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When Satoru Iwata took to the stage at the 2011 Game Developers Conference for a keynote speech celebrating a quarter-century of gaming, few expected that he would deliver a stinging attack on smartphone games.
"Mobile handset makers... have no motivation to release high-quality software," said Iwata. "Their goal is to gather as much software as possible, because quantity is how they profit.So we are looking at two different sides of the industry. What we produce is value, and we should protect that value."
Months later, during an interview with the Game Trailers website, Nintendo of America president Reggie Fils-Aime claimed that "cheap, disposable smartphone games are one of the biggest problems facing the games industry today. I actually think that one of the biggest risks... is these inexpensive games that are candidly disposable from a consumer standpoint."
Strong words, but could Nintendo's top brass end up eating them? After all, last year saw Nintendo make its first ever operating loss, with stocks falling to their lowest value in five years (see page 6 for more on that). Investors voiced their displeasure and, with Apple's devices gaining a foothold in the mobile gaming market, they urged Iwata to consider developing for smartphones instead.
So when website The Daily suggested that Nintendo planned to implement an app store on Wii U, what might previously have been dismissed as a load of old cobblers suddenly seemed to make a strange kind of sense. Granted, the site's insistence that its story came from "a person familiar with the matter" sounded a touch suspicious, but it was a rumour that was impossible to completely dismiss.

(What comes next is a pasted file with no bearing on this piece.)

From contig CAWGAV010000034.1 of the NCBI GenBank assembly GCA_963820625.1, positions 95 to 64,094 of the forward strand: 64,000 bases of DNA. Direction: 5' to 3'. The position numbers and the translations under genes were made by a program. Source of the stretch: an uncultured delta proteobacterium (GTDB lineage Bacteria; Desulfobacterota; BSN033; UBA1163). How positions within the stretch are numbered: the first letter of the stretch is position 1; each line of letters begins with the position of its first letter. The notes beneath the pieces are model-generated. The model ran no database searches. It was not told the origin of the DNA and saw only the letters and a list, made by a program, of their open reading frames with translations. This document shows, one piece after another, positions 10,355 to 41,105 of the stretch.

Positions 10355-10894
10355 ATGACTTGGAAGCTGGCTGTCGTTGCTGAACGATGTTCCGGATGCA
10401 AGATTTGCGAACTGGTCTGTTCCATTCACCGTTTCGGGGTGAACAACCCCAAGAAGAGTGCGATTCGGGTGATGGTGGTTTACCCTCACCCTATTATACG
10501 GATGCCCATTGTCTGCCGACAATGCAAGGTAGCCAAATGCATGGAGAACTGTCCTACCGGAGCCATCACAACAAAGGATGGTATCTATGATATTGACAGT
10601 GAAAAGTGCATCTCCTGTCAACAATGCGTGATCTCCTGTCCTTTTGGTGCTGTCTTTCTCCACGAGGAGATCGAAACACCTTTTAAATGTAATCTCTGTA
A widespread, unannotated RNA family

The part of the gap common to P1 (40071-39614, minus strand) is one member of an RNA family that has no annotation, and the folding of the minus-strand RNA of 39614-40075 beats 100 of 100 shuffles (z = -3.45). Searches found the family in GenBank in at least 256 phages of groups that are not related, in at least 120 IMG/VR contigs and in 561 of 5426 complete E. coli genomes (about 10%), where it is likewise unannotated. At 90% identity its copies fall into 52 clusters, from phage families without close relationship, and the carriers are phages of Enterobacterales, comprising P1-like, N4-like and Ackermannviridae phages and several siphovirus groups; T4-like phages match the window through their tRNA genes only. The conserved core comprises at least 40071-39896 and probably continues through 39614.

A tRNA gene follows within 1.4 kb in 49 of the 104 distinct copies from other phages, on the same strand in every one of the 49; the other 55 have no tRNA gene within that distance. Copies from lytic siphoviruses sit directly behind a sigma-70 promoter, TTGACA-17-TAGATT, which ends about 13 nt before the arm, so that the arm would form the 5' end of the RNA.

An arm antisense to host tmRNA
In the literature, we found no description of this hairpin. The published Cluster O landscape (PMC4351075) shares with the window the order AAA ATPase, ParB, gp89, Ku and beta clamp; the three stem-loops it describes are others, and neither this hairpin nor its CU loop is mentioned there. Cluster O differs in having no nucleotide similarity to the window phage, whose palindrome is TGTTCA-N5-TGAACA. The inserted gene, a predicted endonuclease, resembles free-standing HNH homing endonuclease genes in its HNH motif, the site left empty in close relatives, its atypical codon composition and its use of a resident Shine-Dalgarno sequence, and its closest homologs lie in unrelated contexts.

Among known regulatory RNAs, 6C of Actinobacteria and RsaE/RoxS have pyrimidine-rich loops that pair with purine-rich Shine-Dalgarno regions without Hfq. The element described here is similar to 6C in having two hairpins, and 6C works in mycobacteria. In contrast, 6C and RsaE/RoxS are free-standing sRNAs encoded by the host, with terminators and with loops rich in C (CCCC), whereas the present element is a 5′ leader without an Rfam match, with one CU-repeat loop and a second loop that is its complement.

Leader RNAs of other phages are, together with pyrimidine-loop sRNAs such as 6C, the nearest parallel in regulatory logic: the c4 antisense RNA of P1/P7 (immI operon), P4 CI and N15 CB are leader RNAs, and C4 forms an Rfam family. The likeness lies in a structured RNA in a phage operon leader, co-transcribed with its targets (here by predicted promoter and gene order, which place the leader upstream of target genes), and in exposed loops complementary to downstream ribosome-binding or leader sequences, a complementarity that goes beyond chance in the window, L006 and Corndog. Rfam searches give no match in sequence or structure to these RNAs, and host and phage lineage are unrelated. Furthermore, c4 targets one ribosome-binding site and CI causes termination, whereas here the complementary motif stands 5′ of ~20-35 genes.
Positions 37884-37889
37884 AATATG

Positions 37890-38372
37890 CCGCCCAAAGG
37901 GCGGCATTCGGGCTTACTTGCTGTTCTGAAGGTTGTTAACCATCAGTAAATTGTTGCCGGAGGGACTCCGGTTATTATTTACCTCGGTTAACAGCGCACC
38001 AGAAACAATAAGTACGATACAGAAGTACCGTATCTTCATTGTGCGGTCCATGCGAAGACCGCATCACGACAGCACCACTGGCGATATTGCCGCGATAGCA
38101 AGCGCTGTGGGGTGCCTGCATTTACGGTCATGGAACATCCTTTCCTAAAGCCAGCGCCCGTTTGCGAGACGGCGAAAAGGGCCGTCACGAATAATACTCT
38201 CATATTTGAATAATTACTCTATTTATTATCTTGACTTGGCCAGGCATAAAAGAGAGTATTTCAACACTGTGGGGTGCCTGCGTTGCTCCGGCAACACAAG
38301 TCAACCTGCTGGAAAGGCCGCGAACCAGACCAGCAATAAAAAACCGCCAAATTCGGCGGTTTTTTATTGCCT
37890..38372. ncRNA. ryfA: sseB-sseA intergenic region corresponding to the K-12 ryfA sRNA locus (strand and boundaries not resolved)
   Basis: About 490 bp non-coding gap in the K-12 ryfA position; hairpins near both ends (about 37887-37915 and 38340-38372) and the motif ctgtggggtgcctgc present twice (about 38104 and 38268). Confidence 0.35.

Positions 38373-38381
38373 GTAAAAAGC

Would an iOS-style 'app store' be a useful addition to Wii U? We asked Nathan Vella, president of Capybara Games, creators of the excellent Might & Magic: Clash Of Heroes, for his thoughts. Vella has some experience with the App Store, having released puzzler Critter Crunch and abstract musical adventure Superbrothers: Sword And Sworcery EP on iOS, and unsurprisingly he thinks it would be a worthwhile endeavour for Nintendo. "Since the Wii U is based on a fairly original interface, I think an 'app store' approach would be very useful," he says. "It could also foster the type of creativity and exploration that new devices need, without relying on Nintendo's first-party studios to do it."
Tommy Refenes from Team Meat, creator of too-big-for-WiiWare platformer Super Meat Boy, agrees, though suggests any such endeavour should be carefully monitored. "If Nintendo could provide a way that anyone could create a game on their hardware I think that would be amazing. The problem is there would need to be some sort of quality control and administration of the titles to be sold on a Nintendo app store. With this sort of administration you can avoid the tons of shovelware, clones and general low-quality games that we see on the iTunes App Store now. Imagine if you didn't have to sift through tons of garbage to get to the good quality games. That's what Nintendo should aim for."
The idea of a comparatively controlled environment for game releases rather than Apple's anything-goes approach is one which finds favour with Simon Flesser of Simogo. The Swedish team has seen success on the App Store with the whimsical Bumpy Road and quirky rhythm-actioner Beat Sneak Bandit, and Flesser suggests that an app store would attract smaller developers like his two-man team.
"A lot of what is interesting in gaming today is made by very small independent teams, and Apple have successfully - whether intentionally or not - attracted developers of our size to their service." Yet again, however, the issue of shovelware raises its head. "I think the stronger monitoring and selection of content that Nintendo, Sony and Microsoft have on their digital download services today are not necessarily only a bad thing," says Flesser. "The lowest points on those services are way higher than the lowest points of the mobile app stores."